The on-demand car-sharing company Lyft has agreed to a settlement in a lawsuit brought by drivers in California who sought to be classified as employees rather than independent contractors. Under the agreement, Lyft will provide some additional driver benefits while still withholding employee status. The settlement, filed late on Tuesday, provides an interesting light in which to consider the similar-class action lawsuit against Lyft competitor Uber scheduled to go to court in June.
The Lyft settlement includes $12.25 million in damages for drivers in California, which will be paid out in proportion to how much time each driver has spent driving for Lyft in the state. The settlement also provides various changes to the terms of service. Lyft will no longer be able to fire drivers at will, and drivers will be able to contest deactivation and pay issues through arbitration, at Lyft’s expense. The settlement still needs to be approved by a federal judge.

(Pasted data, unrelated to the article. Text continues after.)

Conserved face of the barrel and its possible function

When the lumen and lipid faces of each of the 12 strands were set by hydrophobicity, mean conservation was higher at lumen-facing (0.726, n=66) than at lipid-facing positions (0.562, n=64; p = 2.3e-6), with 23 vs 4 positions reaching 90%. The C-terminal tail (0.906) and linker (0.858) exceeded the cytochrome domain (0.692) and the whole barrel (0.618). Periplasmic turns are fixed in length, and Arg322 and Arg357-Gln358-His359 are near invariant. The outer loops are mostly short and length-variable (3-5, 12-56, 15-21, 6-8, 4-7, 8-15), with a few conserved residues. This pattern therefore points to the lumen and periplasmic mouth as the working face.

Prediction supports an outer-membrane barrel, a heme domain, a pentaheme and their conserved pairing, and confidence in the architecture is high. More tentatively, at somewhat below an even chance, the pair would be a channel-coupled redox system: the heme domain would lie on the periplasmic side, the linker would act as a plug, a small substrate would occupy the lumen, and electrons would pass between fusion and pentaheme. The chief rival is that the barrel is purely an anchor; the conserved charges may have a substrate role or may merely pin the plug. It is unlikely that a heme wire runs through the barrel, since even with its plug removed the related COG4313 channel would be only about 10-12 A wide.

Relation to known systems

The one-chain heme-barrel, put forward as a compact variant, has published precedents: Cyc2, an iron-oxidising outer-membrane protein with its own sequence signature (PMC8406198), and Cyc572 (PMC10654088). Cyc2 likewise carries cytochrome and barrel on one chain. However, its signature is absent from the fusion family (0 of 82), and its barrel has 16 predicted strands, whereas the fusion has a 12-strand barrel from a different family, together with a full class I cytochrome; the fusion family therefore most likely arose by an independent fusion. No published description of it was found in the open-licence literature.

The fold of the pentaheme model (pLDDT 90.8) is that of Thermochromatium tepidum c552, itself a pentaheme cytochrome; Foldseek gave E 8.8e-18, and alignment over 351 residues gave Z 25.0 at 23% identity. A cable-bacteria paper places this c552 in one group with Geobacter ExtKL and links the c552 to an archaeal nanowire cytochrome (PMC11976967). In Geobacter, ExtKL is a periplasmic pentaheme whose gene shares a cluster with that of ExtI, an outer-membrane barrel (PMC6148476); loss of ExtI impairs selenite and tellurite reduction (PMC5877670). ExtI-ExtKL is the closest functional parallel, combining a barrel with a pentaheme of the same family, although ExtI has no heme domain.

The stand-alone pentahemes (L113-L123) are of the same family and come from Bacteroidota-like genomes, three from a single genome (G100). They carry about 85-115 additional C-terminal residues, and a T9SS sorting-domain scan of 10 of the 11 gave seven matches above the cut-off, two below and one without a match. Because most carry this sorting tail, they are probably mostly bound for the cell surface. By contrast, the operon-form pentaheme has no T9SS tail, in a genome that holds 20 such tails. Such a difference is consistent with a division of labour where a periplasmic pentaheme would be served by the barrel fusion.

“We are pleased to have resolved this matter on terms that preserve the flexibility of drivers to control when, where and for how long they drive on the platform,” Lyft general counsel Kristin Sverchek said in a statement. Liss-Riordan also celebrated the agreement, telling Wired, “We believe this is a fair settlement and adequate resolution of the claims we brought, given the risks we faced in the litigation against Lyft.”